Moreover, when you’re doing something so short that needs to happen fast it can be a challenge to create a stylized “look.” But our director of photography, Imad Rhayem and gaffer Adonai Interiano, along with production designer Gabrielle Giraud and Makeup/Hair artist Valentina Badaracco, really brought their A-game and put forth a world class artistic effort on this one. I’m really happy with the way things turned out.
You are a rising name in the Women in Horror scene, how do you feel about this and what do you think of other female horror creators?
Right now it’s a great time to be a woman directing genre. You have the Soska Sisters, who are a tremendous influence, taking the world by storm with everything they do from branding to movie-making. They are the full package. The recent releases of Jennifer Kent’s The Babadook and Ana Lily Amirpour’s A Girl Walks Home Alone At Night is very exciting and underscores the fact that the freshest voices in genre right now are those of women!
I come from an art film background and my film education started in my teens when I discovered the films of the French Nouvelle Vague filmmakers, the Italian Neorealism filmmakers and also the more edgy, provocative indie films coming out of Mexico, Argentina, Spain, the US and the UK. I have also been a big fan of Hitchcock.
I rarely watched horror movies before I made Ceramic Tango. For some reason, extreme gratuitous violence and blood splatter doesn’t appeal to me. I became more aware of the genre when I started touring the festival circuit with Ceramic Tango and discovered the works of the Soska Sisters, Alexander Aja, and many other brilliant contemporary filmmakers. What makes me tick is a brilliant story with outstanding performances. I saw that in their work, so I got more into the horror genre.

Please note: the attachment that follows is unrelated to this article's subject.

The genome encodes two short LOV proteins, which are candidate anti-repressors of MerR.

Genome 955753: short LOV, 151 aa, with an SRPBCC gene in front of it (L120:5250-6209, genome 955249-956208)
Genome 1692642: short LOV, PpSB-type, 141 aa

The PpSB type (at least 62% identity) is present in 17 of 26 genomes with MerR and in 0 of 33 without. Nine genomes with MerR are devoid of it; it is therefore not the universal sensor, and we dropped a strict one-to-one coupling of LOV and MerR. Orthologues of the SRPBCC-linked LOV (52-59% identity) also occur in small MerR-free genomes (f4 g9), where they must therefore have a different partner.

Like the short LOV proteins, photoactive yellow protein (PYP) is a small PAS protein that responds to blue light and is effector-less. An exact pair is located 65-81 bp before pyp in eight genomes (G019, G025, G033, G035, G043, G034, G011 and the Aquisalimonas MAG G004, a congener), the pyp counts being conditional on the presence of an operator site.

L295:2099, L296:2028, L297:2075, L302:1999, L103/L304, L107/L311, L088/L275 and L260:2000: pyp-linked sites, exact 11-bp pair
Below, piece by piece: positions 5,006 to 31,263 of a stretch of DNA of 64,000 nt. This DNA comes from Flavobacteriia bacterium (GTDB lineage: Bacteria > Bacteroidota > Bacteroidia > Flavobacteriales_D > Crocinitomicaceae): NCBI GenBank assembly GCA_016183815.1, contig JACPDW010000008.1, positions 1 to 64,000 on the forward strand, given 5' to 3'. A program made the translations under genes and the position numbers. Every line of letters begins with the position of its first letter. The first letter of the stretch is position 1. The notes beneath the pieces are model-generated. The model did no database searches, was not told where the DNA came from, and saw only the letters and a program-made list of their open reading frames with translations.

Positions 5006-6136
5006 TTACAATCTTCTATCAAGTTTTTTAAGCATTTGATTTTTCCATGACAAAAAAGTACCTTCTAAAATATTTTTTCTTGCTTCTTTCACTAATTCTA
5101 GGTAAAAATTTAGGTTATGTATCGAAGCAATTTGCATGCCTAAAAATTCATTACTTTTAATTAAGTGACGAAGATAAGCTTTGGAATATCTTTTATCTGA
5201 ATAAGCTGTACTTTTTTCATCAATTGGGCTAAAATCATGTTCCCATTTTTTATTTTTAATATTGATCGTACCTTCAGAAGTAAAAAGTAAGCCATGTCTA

It definitely excites me to be part of a movement. I take it as a responsibility to do my best to tell good stories that will empower, entertain, and make the viewers think within the horror genre.
Have you ever been treated differently being a woman in the film industry?
In production, I have not been treated differently because I am a woman. It has actually been an asset for me to be in a lead position. When your vision is clear and when you are well prepared, you will inspire and motivate your team to achieve what you have in mind. It doesn’t matter what gender you are when you know what you are doing, are in control of your set, and can collaborate well with others. To be a strong leader, you must know every single aspect of your profession and be able to communicate your vision clearly and efficiently to your actors and crew.